Zalom, recently inducted as president of the nearly 7,000-member Entomological Society of America, said that the G3 article “presents a high-quality reference sequence of Drosophila suzukii, examination of the basic properties of its genome and transcriptome, and description of patterns of genome evolution in relation to its close relatives.”

The SpottedWingFlybase Web portal has drawn more than 3,000 page views from 20 countries, including the United States, France, Italy, Belgium, China, Spain, Japan, Germany and Great Britain.

“Given this impressive response and the worldwide importance of Drosophila suzukii, I expect that the G3 article will become very highly cited and cast Joanna Chiu as a central figure in future Drosophila suzukii genomic studies related to topics such as insecticide detoxification, odorant reception and regulatory entomology,” Zalom said.

OSU entomologist Vaughn Walton, lead investigator of the USDA grant, said: “Scientists from all over the world are interested in knowledge locked inside the fly’s genetic material.”  He also pointed out that the genome work may relieve the fears of countries wishing to import American fruit, but not the pest. By finding the fly’s unique genetic signature, scientists hope that DNA testing will quickly determine if ready-to-be-shipped fruit contains spotted wing drosophila larvae.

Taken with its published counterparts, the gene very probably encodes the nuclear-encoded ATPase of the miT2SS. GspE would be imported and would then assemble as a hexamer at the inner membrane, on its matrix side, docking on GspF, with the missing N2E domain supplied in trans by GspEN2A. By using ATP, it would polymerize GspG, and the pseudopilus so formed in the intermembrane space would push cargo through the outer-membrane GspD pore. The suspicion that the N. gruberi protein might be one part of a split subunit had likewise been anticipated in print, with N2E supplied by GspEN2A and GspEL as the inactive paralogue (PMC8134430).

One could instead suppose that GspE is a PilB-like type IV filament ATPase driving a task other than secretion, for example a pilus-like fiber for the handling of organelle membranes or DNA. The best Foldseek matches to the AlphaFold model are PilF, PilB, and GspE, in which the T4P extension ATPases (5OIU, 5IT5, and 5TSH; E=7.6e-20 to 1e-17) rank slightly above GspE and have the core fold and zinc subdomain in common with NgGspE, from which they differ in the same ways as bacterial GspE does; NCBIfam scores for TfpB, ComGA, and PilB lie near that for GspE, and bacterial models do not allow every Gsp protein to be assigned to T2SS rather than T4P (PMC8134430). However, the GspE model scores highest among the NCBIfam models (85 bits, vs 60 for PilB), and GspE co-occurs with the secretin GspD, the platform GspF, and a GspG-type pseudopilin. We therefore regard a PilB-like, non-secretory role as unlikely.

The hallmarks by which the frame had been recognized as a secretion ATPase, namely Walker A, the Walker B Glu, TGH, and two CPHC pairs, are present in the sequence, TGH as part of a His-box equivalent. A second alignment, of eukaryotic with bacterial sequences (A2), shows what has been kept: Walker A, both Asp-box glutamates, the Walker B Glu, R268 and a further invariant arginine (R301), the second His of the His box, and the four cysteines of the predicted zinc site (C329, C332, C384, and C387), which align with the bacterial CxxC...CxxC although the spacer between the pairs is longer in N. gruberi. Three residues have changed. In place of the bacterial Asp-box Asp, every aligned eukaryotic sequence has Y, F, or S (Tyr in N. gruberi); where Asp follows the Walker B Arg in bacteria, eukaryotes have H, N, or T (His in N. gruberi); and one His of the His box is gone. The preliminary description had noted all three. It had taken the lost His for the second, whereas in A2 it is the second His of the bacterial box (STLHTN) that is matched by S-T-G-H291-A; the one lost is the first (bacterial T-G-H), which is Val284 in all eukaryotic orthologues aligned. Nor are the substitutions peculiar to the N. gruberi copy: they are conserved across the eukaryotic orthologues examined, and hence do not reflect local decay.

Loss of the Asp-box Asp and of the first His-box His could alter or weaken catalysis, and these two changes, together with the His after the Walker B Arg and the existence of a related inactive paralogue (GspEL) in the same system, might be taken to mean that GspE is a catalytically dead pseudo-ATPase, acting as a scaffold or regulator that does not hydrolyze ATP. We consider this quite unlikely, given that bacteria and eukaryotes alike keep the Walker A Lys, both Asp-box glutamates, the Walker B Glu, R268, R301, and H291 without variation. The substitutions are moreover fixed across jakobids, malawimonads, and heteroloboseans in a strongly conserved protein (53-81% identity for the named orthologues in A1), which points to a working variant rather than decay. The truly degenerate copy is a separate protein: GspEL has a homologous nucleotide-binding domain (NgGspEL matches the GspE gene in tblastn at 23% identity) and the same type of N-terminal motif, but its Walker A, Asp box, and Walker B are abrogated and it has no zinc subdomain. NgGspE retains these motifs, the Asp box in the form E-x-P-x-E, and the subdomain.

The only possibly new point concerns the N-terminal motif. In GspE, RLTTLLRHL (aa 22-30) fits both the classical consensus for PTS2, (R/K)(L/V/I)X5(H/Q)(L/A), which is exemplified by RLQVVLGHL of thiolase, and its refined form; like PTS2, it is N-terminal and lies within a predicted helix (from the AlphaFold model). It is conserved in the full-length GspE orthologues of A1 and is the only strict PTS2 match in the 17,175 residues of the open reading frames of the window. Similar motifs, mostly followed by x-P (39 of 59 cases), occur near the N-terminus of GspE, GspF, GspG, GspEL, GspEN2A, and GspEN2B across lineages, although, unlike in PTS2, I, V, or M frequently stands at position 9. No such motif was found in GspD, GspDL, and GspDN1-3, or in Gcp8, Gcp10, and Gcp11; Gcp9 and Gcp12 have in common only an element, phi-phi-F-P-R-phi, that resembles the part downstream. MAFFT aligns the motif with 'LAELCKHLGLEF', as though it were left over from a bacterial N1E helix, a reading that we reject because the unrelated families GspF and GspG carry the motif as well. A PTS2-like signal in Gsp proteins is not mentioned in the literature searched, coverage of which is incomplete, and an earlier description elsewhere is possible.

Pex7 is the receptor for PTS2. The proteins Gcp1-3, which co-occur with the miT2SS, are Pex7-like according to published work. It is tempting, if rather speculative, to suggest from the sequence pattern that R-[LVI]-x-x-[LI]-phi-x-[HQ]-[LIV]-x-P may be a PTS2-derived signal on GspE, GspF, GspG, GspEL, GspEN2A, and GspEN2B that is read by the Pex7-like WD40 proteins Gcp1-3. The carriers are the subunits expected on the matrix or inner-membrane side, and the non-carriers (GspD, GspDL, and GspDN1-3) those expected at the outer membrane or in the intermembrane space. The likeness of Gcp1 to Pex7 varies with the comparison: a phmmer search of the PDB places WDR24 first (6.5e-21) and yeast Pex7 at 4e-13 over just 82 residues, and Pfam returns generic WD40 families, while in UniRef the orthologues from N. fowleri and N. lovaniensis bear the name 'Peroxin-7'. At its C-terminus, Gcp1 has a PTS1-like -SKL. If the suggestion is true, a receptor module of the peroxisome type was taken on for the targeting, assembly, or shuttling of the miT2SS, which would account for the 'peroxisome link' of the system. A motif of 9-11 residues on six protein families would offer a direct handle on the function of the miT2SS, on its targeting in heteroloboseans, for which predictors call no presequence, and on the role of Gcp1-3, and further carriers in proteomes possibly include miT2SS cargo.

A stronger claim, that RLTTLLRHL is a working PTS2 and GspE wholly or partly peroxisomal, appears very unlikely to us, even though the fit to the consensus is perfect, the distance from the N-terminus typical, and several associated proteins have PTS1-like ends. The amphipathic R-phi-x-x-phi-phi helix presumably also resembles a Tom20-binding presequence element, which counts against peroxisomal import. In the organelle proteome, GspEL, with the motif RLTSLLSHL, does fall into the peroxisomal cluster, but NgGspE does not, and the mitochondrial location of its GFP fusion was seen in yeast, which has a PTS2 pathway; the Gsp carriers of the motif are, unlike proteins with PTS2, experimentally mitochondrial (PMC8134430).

The UC Davis team included the Joanna Chiu lab and the Frank Zalom lab, both in Department of Entomology and Nematology, and David Begun’s drosophila evolutionary genetics lab in the Department of Evolution and Ecology. They collaborated with Walton and spotted wing drosophila project leader Linda Brewer of OSU; Ernest Lee from the American Museum of Natural History; and Xuanting Jiang and Guojie Zhang of the China National Genebank, BGI-Shenzhen.

Other UC Davis scientists involved in the research included doctoral candidates Kelly Hamby of the Zalom lab, Rosanna Kwok of the Chiu lab, as well as postdoctoral researchers Li Zhao, Christopher Hamm, Julie M. Cridland and research technician Perot Saelao of the Begun lab.

The SpottedWingFlyBase is a dedicated online resource for Drosophila suzukii genomics but also includes comparative genomic analysis of Drosophila suzukii with other closely related Drosophila species.


Further Information

Join For Free

Access to this exclusive content is for Technology Networks Premium members only.

Join Technology Networks Premium for free access to:

  • Exclusive articles
  • Presentations from international conferences
  • Over 3,100+ scientific posters on ePosters
  • More Than 4,500+ scientific videos on LabTube
  • 35 community eNewsletters


Sign In



Forgotten your details? Click Here
If you are not a member you can join here

*Please note: By logging into TechnologyNetworks.com you agree to accept the use of cookies. To find out more about the cookies we use and how to delete them, see our privacy policy.